Ex-Shuttle Astronaut Questions NASA's Priorities

Bijal P. Trivedi
National Geographic Today
February 6, 2003
President George W. Bush memorialized the seven lost Columbia space shuttle crew members by saying that "America's space program will go on."

Where, how, and why remain open questions, said Tom Jones, a former astronaut and veteran of four missions, the last in February 2001 aboard space shuttle Atlantis.

Jones, now a space sciences consultant and author of The Complete Idiot's Guide to NASA, is working on a book about the International Space Station.

The National Geographic Today TV newsmagazine spoke with Jones from his home outside Washington, D.C., about the future of NASA and space exploration.

Where were you when the disaster happened?

I was at home spending a normal Saturday morning, at breakfast, when I tuned in to watch the landing of my friends. After a few minutes the long loss of communications made it apparent something was terribly wrong.

What good will come of this tragedy?

It will force us to reevaluate our commitment to space exploration—where we want to go and why. I'm encouraged by the response so far. People now know that there is a certain amount of money we need to spend to do this safely.

People are finally seeing that maybe we have been shoestringing the space exploration program. It has been easy to let the budget stay static because we didn't see any bad consequences.

Except for times of disaster, isn't the public fairly apathetic about the space program?

What's been missing is a challenge beyond the International Space Station (ISS), which has been inhabited continually for the last two years. Now we must think about what comes next, and I think we've got to talk about going outside of Earth's orbit. It's been 30 years since we went to the moon. So we have to think about future planning, like the asteroids, Mars, and the moon.

What can revitalize the space program?

We need goals to drive the new technology forward. NASA has been completely focused on the space station and ensuring shuttle participation in that program—it has little time or resources to set new goals and attract public support, energize Congress or recruit imaginative young minds to NASA or its contractors.

Apart from the value of exploration, why should we continue our space program?

First, we need to reap the economic benefits of space—increase the economic activity in space and prove there are benefits in operating there.

Second, NASA needs to develop technology to ward off cosmic threats to the planet. Right now NASA cannot discover quickly enough any asteroid that could pose a threat. And there are currently no plans to develop a defense system for asteroids on a collision course.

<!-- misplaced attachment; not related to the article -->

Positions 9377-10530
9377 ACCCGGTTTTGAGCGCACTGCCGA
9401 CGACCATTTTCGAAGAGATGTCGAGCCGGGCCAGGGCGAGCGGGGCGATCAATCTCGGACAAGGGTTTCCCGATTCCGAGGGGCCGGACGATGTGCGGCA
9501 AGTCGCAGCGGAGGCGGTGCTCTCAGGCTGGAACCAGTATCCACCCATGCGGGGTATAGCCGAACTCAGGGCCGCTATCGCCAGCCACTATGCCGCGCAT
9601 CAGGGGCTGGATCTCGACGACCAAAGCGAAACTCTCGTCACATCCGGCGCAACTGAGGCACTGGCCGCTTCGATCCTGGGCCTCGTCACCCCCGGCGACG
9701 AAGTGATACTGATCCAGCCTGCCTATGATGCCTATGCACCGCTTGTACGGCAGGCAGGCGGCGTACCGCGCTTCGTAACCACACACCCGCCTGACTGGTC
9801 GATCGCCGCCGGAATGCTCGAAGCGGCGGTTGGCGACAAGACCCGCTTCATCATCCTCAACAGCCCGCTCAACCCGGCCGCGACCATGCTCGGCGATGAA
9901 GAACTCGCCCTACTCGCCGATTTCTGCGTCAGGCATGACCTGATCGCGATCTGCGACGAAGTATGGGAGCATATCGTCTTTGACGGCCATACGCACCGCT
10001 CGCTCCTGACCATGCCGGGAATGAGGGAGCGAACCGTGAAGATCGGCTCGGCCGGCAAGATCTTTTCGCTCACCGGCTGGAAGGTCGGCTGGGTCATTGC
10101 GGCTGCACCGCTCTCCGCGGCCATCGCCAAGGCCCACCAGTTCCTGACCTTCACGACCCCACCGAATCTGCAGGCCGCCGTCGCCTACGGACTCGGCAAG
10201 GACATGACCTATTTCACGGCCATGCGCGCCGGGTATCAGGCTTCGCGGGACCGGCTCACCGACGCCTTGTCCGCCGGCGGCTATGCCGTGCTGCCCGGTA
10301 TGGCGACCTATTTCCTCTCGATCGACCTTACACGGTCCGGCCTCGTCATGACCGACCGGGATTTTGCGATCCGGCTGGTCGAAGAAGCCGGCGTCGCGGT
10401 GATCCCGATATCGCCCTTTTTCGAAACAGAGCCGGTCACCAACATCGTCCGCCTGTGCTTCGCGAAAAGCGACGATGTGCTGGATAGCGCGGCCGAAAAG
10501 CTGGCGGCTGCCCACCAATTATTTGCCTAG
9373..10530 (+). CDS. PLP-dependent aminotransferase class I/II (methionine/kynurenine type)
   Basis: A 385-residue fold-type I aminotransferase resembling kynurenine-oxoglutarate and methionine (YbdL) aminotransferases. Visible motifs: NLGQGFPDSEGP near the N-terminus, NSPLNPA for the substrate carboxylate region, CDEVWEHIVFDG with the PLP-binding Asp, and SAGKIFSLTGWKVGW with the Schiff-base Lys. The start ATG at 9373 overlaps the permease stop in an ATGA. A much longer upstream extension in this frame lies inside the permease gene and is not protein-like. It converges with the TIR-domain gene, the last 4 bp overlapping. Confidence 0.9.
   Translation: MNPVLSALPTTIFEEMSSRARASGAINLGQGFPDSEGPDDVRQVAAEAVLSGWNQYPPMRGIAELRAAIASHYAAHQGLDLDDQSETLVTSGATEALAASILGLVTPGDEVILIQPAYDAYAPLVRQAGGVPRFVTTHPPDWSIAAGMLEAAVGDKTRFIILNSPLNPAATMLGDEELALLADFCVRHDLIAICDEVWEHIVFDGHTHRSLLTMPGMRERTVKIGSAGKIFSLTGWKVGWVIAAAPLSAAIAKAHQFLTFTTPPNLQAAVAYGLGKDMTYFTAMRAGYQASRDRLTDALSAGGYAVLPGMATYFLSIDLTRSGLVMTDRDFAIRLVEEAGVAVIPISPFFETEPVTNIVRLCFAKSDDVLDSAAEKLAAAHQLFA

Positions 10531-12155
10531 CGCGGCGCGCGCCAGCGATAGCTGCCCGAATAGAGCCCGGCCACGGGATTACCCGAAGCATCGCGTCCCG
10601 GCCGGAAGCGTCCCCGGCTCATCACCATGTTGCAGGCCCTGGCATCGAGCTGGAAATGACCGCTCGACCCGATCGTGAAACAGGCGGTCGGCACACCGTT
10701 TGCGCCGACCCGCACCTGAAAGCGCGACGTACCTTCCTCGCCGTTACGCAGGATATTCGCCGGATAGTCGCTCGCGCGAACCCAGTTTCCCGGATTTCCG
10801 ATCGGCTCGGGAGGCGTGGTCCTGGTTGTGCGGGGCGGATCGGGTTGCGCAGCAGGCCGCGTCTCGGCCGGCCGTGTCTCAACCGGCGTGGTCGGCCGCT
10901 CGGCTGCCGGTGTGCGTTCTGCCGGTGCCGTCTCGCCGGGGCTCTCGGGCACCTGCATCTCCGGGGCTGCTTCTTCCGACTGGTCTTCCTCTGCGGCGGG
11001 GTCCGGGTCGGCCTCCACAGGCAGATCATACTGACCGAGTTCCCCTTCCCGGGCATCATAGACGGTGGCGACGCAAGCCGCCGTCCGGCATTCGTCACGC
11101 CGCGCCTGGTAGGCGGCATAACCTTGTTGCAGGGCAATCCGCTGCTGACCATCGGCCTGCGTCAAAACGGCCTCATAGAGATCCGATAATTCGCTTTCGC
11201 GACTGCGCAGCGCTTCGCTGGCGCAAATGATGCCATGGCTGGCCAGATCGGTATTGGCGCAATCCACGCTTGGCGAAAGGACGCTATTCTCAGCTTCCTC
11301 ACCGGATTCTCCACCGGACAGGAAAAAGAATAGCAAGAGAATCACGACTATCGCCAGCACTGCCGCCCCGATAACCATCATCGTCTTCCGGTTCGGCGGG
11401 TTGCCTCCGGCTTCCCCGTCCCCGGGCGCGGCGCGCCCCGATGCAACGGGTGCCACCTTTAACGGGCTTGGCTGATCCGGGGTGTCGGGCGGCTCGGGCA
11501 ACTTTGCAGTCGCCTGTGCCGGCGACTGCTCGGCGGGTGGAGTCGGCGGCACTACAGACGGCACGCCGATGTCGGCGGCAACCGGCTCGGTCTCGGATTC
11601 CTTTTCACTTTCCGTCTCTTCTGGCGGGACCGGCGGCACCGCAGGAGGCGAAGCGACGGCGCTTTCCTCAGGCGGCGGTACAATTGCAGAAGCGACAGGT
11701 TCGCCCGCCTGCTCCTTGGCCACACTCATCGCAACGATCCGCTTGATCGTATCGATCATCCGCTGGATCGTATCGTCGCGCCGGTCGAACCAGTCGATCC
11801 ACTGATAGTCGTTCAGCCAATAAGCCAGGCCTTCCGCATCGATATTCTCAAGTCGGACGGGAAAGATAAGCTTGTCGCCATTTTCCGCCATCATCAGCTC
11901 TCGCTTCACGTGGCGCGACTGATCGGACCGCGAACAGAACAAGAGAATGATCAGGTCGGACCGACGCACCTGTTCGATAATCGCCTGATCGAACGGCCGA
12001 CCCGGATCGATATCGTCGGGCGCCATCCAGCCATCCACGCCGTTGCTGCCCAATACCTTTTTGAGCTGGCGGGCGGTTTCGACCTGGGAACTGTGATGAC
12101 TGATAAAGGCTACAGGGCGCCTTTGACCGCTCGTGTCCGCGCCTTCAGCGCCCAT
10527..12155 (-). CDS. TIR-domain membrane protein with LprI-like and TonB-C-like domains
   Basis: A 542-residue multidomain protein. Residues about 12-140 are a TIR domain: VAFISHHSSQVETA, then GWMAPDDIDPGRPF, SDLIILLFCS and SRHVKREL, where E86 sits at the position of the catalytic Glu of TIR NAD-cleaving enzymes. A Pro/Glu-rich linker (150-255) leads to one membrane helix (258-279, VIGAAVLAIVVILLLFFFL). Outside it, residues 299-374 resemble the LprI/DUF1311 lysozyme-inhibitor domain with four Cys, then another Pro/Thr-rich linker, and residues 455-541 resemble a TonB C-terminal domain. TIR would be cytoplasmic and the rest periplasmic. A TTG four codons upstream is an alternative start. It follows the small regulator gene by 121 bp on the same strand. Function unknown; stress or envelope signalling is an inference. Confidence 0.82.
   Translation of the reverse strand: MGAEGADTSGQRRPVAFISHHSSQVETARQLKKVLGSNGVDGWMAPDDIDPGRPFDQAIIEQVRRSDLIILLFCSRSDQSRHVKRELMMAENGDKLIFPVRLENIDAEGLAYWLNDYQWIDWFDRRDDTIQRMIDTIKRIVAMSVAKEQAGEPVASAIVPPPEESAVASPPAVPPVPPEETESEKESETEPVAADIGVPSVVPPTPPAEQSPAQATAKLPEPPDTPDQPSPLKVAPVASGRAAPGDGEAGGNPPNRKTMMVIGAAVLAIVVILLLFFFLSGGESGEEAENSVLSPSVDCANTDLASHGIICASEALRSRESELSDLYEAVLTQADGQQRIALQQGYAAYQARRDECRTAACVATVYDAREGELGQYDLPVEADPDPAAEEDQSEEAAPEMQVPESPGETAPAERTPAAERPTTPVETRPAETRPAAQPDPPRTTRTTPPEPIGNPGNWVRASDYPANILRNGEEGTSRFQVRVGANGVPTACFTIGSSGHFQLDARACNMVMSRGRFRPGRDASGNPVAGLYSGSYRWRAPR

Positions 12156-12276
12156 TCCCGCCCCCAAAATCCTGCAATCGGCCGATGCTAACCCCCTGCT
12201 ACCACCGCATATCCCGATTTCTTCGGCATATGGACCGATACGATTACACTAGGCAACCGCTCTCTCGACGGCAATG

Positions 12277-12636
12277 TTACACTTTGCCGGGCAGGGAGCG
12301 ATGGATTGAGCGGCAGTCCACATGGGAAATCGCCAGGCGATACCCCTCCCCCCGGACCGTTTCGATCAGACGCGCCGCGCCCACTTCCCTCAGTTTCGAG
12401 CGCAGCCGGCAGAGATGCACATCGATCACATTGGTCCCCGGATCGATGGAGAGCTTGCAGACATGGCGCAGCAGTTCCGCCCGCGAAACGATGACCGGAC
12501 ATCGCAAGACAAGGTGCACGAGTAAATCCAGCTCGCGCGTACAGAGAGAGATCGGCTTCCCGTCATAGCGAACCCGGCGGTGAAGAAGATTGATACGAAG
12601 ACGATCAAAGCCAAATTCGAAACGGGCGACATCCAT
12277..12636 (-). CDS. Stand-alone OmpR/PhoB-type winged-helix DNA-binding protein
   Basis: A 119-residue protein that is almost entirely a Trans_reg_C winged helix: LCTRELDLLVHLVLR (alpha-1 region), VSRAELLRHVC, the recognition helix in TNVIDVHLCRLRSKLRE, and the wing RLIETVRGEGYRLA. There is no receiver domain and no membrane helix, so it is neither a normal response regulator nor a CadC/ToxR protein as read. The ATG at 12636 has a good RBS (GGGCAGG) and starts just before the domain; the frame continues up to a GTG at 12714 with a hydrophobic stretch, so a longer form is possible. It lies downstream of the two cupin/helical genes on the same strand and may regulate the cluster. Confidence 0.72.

What do you see as NASA's mission?

For the first 30 years of the space program in this country the focus was on the Cold War. But in the last 15 years NASA has used the space station to bring together former rivals and bind them in a common enterprise. But ISS is not a sustainable reason for going to space.

NASA needs to make a new, convincing argument for continuing their mission. They have been afraid that turmoil will lose them the support of Congress and the president.

I understand but I don't agree. I'm frustrated by all the big talk about exploration in the last 10 years, but NASA has done nothing to convince Congress of growing needs and goals.

NASA is just concerned with preservation, not undercutting ISS and hoping that a favorable environment will lead to a bigger budget—they need to stop waiting and lead the debate.

Is the shuttle obsolete?

The shuttle is tremendously capable. It has a huge cargo capacity, robotic maneuverability, it can dock and rendezvous with the space station and the Hubble [Space Telescope], and it can carry a large number of people.

But the technology is 25 to 30 years old. It would make sense not to replace Columbia but instead divert the funds toward building the next generation system—something safer and more efficient.

Who sets the course for NASA?

Goals that require federal spending need to be formally stated by the president in his budget requests, and endorsed by the Congress via adequate funding.

NASA is an executive-branch agency and must toe the president's budget line, but I believe it has the mission of making the case publicly for space exploration and leading the debate on what our goals in space should be.

The space agency should deliver its suggested policy goals to the president and support them with strong arguments, but in our system, in the end the president must adopt them and push them through Congress, or we go nowhere.

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